Why are Sia's Fans Suing Her for Social Anxiety?

Imagine you're one of the most famous singers in the world. Think of the fame, the performances, night after night, the loss of privacy.

Now imagine you're dealing with all this while suffering from instense social anxiety.

Welcome to Sia's life.

A photo posted by •SIA• 🍌 fan page (@siafurler_online) on

The Australian singer/songwriter, 40, is currently being sued by a group of dissatisfied concertgoers after a show in Tel Aviv, Israel on August 11th. The class action lawsuit claims Sia didn't perform for long enough, didn't speak enough, didn't move around enough.

Sia "never once addressed the crowd, mentioned what it was like to be in Tel Aviv, or bantered in any way," writes Israeli newspaper The Jerusalem Post.

And as well as being upset about failed on-screen footage (which, let's be clear, has more to do with the venue rather than the artist), fans were upset Sia "hid in the back" so they couldn't get the full view of her wig-covered face.


But the $2.1 million question (the amount Sia's being sued for, and the collective cost of the tickets sold at the concert) is, so what?

Sia's fans are basically suing her for having social anxiety. And it's the worst thing they could be doing— shaming her for something that she's been so public about.

It's very well-known that the artist struggles with fame. She's addressed it many times, most famously in a 2014 New York Times interview.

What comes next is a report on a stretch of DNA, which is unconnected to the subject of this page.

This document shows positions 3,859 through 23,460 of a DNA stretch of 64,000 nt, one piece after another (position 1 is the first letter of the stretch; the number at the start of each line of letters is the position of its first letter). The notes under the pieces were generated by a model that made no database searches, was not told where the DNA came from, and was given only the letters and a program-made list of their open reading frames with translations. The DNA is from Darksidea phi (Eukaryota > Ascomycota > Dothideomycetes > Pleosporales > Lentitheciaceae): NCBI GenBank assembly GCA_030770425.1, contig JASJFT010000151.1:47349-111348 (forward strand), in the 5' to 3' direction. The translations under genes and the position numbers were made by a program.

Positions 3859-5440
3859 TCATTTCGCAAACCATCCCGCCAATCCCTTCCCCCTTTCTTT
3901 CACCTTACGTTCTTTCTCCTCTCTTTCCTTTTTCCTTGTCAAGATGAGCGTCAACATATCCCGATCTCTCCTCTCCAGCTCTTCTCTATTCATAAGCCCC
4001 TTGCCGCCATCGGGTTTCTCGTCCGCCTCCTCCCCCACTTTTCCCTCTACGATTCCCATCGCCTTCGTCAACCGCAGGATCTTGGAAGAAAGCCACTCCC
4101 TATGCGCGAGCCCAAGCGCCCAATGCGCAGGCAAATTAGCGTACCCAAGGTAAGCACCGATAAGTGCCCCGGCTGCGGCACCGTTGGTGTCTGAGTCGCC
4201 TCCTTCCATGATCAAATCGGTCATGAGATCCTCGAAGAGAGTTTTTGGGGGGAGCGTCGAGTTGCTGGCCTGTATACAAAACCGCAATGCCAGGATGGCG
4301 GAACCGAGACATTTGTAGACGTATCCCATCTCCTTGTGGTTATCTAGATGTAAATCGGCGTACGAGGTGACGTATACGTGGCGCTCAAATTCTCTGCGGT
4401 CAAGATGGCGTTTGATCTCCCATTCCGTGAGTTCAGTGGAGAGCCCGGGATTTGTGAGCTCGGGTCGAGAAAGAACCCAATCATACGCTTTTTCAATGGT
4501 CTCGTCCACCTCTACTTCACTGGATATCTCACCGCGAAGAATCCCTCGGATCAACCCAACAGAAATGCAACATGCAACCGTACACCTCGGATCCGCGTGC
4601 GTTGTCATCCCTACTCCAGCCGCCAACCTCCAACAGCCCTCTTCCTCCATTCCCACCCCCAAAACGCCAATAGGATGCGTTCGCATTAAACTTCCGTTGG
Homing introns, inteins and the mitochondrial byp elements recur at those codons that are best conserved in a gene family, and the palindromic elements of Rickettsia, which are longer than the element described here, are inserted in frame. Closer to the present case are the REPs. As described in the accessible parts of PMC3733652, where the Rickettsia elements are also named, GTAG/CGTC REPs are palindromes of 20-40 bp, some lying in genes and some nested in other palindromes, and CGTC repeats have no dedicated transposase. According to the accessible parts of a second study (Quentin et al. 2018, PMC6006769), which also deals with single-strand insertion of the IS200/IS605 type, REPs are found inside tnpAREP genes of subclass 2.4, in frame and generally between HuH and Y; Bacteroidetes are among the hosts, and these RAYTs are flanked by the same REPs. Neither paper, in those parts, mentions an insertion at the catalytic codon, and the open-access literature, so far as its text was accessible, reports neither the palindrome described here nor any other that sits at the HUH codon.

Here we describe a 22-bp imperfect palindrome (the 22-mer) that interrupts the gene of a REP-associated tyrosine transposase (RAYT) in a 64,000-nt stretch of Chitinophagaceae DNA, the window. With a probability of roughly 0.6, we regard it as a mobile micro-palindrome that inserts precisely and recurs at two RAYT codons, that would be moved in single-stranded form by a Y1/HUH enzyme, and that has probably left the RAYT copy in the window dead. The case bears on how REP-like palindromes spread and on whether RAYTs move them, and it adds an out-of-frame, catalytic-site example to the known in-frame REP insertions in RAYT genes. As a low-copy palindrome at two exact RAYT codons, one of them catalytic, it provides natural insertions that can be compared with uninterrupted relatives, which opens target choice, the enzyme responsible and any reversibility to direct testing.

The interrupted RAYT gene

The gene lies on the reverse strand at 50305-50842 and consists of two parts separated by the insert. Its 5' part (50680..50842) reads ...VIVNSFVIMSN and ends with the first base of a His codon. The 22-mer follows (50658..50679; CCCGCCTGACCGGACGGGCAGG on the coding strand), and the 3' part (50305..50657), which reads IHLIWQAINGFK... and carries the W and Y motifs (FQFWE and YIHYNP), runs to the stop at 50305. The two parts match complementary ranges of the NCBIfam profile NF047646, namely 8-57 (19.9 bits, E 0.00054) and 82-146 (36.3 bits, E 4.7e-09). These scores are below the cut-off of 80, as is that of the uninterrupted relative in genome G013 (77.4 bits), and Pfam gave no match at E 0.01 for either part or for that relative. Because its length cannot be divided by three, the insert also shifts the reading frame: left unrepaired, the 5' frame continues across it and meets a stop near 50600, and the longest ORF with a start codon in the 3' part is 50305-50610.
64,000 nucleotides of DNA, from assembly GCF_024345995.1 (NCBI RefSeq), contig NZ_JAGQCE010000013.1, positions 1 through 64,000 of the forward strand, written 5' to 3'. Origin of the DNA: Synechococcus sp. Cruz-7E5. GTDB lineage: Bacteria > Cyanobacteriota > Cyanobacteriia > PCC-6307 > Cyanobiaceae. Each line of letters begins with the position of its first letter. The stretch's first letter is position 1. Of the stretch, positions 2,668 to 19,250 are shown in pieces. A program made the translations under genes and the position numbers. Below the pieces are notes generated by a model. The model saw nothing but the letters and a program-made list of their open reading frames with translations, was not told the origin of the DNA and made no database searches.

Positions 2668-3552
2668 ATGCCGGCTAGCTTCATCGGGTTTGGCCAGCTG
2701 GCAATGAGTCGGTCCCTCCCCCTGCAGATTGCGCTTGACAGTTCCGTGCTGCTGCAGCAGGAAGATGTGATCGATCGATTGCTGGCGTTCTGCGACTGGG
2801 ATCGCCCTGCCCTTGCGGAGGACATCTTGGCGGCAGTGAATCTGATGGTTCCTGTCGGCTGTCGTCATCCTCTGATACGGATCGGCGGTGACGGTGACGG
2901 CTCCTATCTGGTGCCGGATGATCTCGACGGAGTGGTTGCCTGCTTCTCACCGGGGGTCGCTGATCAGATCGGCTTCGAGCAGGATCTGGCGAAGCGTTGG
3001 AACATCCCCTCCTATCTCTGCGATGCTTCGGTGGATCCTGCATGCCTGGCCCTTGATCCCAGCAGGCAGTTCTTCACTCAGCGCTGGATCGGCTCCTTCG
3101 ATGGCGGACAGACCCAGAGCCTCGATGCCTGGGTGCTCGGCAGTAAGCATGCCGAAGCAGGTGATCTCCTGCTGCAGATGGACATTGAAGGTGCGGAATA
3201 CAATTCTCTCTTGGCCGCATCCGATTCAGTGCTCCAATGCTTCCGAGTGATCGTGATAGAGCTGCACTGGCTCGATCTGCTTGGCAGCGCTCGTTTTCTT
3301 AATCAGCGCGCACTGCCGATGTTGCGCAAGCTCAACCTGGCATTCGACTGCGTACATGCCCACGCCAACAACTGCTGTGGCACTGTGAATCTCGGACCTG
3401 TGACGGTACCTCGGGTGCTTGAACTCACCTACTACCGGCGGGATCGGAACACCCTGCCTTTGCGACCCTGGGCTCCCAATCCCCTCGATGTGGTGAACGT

The piece, 'Sia Furler, the Socially Phobic Pop Star', tells you all you need to know in the title, but Sia goes on to explain her actions in detail.

"It's horrible," she tells writer Steve Knopper. "I just wanted to have a private life. Once, as my friend was telling me they had cancer, someone came up and asked, in the middle of the conversation, if they could take a photograph with me. You get me? That’s enough, right?'"

It is enough. Pair this anecdote with Sia's past struggles with addiction and mental health, and you get a pretty clear picture of who she is.

It's understandable, then, that she stood at the back in Tel Aviv; that she didn't make small talk with the crowd; and that she only played a 65-minute set. Fans should know, from previous performances if nothing else, Sia's not going to put on a Beyoncé-style spectacular.

A photo posted by •SIA• 🍌 fan page (@siafurler_online) on

Mental health is not something to sue over. Sia performed her hits. She still put on a show, whatever length it was (and for what it's worth, a lot of artists play sets under an hour). She showed up. And for any of us coping with anxiety, that's often the hardest part.

If you're a fan of someone who struggles with mental health issues, keep that in mind if you feel like they're letting you down. They're trying, just like all of us. Sia doesn't deserve to be sued, she deserves to be applauded.